Earlier this month, the Yale Indigenous Performing Arts Program (“YIPAP”) hosted the Fourth Annual Young Native Playwriting Festival, featuring new plays by award winning Native playwrights, including Tara Moses, Carolyn Dunn, and Vera Bedard. All play readings were directed by Jocelyn Clarke.
The Festival opened on April 30 with a staged reading of Vera Bedard’s Native Pride (and Prejudice), wherein Eliza Bennett and William Darcy attempt to navigate the pride and prejudice of today’s Alaska Native village life - except they are doing an exceptionally poor job at telling the story. The legendary Raven must save the day (and the story) to ensure there’s a happily ever after. Or at least to get everyone home on time.
“From someone who is a self-proclaimed Pride and Prejudice devotee, Vera Bedard’s play was a true delight to see unfold,” states Native American Cultural Center Dean Kelly Fayard. “She was able to simultaneously keep Austen’s character’s true to themselves while also making them true to a Tlingit identity as well. It was an amazing experience to see an Indigenous Elizabeth Bennett. The other aspect that brought joy during this play was how she incorporated contemporary Indigenous issues into the centuries old story. I hope that folks recognize that they need to run, not walk, to see this play if they are able to!”
Several professional Native actors traveled to Yale University to participate in this reading, including Ty Defoe, Sarah D’Angelo, Madeline Sayet, Allison Hicks, Jake Hart, Dylan Carusona, and Matt Cross. These actors were joined by Yale University personnel and students, including the Native American Cultural Center Dean Kelly Fayard, and students Madeleine Hutchins and Kinsale Hueston.
On May 1 in the afternoon, the Festival presented a staged reading of Carolyn Dunn’s new play Soledad. Soledad features the story of a socially awkward high school senior high school senior, Soledad “Sunny” Sixkiller, who discovers her father was a prize-winning pow-wow singer, but whose grief over the disappearance of his wife (his daughter’s mother) has turned him inward. Sunny finds, by accident, her father’s old pow wow tapes and vows to learn his songs in order to bring him back to life.
“Carolyn Dunn’s play brilliantly introduces contemporary Native American urban identity concerns and links them with both U.S. governmental policies and pan-Indian cultural practices and traditions,” states Professor Ned Blackhawk, Yale University History Department. “The result is a textured affirmation of Native family life and story-telling.”
Soledad was performed with three professional Native actors, Abby Ybarra, Allison Hicks, and Matt Cross. These actors were joined by Professor Ned Blackhawk’s daughter, Eva Blackhawk, who made her theatrical debut—and nailed it!
Finally, the Festival featured a staged reading of this year’s National Contest winner, Tara Moses. In He’eo’o, Tara Moses takes us back to a time when the United States government thought it could fully eradiate Tribal Nations and their citizens. Following the early morning attack by the 7th U.S. Calvary lead by Lt. Col. George Armstrong Custer, the surviving Cheyenne women await their impending doom. Fueled by her desire to lead her people, avenge her father’s death, and the spiritual support of the Great Spirit Maheo’o, Walking Woman remains resilient. Inspired by TROJAN WOMEN by Euripides, He’eo’o (hey-yo) asks the question: when white men, when Americans write the history books, how will we know the truth?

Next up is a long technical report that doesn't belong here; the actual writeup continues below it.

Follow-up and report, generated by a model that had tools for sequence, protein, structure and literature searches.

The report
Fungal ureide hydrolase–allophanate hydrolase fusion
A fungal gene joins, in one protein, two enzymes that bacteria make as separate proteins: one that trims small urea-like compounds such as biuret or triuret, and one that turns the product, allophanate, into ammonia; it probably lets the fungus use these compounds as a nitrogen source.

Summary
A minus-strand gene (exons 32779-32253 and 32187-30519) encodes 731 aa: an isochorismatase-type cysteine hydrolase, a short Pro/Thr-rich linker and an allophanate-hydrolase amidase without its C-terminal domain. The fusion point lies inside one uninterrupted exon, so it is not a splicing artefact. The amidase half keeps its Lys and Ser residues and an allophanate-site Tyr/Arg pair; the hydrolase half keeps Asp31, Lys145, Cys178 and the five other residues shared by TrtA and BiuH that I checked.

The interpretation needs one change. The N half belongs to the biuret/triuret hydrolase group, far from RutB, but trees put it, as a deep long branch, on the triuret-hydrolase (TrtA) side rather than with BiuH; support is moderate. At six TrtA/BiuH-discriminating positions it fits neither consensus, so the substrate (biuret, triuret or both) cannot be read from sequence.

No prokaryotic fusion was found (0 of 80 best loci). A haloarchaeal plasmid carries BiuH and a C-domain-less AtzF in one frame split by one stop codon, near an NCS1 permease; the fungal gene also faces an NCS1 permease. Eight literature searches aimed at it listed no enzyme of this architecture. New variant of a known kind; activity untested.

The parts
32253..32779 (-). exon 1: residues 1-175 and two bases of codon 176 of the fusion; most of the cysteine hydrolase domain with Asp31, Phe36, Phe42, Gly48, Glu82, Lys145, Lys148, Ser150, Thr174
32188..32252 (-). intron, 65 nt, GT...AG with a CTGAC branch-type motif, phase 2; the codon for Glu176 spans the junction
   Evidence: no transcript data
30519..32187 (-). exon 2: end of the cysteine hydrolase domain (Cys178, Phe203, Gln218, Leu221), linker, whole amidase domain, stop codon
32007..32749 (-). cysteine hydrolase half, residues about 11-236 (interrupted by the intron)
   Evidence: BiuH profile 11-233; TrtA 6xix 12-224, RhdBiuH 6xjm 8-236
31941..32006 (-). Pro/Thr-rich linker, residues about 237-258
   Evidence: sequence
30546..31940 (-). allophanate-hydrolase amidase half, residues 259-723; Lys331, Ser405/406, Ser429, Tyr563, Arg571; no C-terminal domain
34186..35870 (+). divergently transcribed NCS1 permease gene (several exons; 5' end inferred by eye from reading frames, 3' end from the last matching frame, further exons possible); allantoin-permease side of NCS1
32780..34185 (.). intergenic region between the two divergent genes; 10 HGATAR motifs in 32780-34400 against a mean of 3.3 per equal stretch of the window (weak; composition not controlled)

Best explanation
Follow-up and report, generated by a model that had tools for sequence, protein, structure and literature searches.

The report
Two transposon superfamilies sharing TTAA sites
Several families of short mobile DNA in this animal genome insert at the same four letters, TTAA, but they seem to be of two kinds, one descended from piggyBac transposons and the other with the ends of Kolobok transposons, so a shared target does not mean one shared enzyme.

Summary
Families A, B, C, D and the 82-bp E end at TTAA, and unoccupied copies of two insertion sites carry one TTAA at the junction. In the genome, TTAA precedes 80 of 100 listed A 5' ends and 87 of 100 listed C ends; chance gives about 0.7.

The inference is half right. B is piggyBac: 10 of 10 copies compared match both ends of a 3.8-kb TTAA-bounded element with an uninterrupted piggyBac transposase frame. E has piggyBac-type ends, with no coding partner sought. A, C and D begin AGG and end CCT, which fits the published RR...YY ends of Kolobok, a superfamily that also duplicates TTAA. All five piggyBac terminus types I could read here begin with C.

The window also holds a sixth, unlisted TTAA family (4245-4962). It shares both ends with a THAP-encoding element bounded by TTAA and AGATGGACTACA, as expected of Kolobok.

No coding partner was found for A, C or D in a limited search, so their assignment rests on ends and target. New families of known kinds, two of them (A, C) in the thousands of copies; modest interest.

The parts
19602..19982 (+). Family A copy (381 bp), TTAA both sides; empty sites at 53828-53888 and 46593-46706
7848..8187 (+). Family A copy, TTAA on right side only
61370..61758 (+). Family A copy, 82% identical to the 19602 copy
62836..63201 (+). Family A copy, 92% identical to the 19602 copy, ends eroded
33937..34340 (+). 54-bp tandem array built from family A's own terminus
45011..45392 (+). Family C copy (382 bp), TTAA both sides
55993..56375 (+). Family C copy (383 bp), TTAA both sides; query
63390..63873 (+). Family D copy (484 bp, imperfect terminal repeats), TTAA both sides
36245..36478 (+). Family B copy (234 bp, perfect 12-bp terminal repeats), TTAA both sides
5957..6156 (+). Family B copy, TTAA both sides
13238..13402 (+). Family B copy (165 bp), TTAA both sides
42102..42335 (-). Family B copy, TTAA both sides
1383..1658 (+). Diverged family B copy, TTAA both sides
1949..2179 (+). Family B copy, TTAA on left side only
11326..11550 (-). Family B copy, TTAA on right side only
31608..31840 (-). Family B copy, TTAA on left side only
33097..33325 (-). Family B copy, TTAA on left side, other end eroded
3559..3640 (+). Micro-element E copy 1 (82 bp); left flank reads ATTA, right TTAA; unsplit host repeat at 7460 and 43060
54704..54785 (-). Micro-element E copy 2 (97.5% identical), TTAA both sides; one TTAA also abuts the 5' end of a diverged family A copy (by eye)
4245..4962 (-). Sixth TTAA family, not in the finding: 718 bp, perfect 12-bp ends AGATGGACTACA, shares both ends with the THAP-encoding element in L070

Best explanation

“He’eo’o challenges us to sit with a moment in American history that has been erased,” states YIPAP Executive Director Mary Kathryn Nagle. “In her dramatic retelling of one of the many massacres the U.S. military committed against Tribal Nations and their citizens, we witness the bravery of the Native women who survived so that our generations could be here today. Tara’s profound play won the Contest this year, and it was an honor to bring her and her work to Yale’s campus.”
He’eo’o was performed with several professional Native actors, including Jake Hart, Allison Hicks, Sarah D’Angelo, Abby Ybarra, and Matt Cross. These actors were joined by two other New York based professional actors, Gabriel Levey and Michael Boland. And last but certainly not least, the cast was blessed to perform with Yale University student, Kinsale Hueston.
“This year’s Festival once again confirmed that the theater talent we have in Indian Country is incredible and deep,” states Nagle. “From actors to playwrights, we are generating some of the most compelling stories in the American theater. The work we are doing at YIPAP proves that there will be a day when the majority of American theaters have produced at least one play by a Native playwright, instead of today, where the majority have not.”